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Commercialism In The Olympics

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The International Olympic Committee has become a corporation-like entity incurring in commercialism and contradicting the Hellenic Ideal of Justice. After stating our thesis it is important for us to be aware of the definition of the two main concepts under analysis.

The ideal of Justice: The ideal of justice is based in three principles: equality, impartiality, and moral reciprocity. Where individuals should be treated as equals under the same set of rules or guidelines, as well as requiring members to regard each other as having the same moral standing. (Reid)

Commercialism: The tendency within capitalism to try to turn everything in life into objects and services that are sold for the purpose of generating profit; commercialization, where the value of everything, including such intangible things as happiness, health and beauty become measured in purely commercial, materialistic terms, and where public services are being privatized or outsourced to private companies. (Wikipedia)

Commercialism is a term that is touched on in several instances of the Olympic Charter. We must first refer to IOC’s mission and role where they explicitly oppose the political and commercial abuse of sport and athletes. At the same time we can see that in other instances the Olympic Charter contradicts its initial position when it mentions that they have the exclusive rights to valuable profit resources. Accordingly to the contradiction mentioned above, Garry Whannel from the Roehampton Institute stated his view in this matter by saying “It is no surprise that the concept of amateurism has been rendered redundant, irrelevant and laughable. It has become untenable to allow agencies, corporations and networks to profit, whilst at the heart of the spectacle, sportsmen and women are supposed to remain hermetically sealed away from commercial reward.” (Whannel)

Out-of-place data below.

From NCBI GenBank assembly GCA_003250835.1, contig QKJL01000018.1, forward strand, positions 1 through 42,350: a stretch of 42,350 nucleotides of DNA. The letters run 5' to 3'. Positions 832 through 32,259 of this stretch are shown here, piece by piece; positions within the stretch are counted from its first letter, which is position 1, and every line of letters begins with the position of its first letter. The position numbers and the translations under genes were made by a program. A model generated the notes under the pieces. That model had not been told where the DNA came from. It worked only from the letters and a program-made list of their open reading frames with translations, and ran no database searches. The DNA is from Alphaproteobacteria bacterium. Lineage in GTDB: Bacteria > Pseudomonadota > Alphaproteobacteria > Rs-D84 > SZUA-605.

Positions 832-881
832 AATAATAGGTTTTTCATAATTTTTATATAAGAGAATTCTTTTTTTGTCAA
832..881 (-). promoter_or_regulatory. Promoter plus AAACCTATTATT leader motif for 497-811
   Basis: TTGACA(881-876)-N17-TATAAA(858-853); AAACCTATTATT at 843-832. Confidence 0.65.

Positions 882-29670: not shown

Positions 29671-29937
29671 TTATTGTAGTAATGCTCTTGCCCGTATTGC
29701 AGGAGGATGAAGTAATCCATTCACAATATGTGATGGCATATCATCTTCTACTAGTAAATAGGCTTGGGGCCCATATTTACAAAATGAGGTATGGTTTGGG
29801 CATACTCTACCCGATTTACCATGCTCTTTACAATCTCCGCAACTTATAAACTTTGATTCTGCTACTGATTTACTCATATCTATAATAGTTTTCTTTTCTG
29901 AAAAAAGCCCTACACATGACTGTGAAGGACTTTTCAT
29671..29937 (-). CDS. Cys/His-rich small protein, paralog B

We must understand that there is not only a contradiction between what the IOC states in the Olympic Charter regarding their actions and limitation but also those of the athletes who are to abide to certain guidelines that limit them from profiting from their sporting activities. If according to the IOC, they are not searching economical profit, why is it that this event moves so much money?

With the intention to further comprehend this matter and for the purpose of this analysis we will first shift our focus to broadcasting rights of the Olympic Games. In the verge of a technological boom in television broadcasting of sporting events in the 1950s and 1960s, the IOC modified their stance in regards commercialism as we can appreciate in the statements made by Avery Brundage, president of the IOC. "I am not sure that we should ever get into business, but on the other hand we should not give millions of dollars away." (Barney) This statement was made

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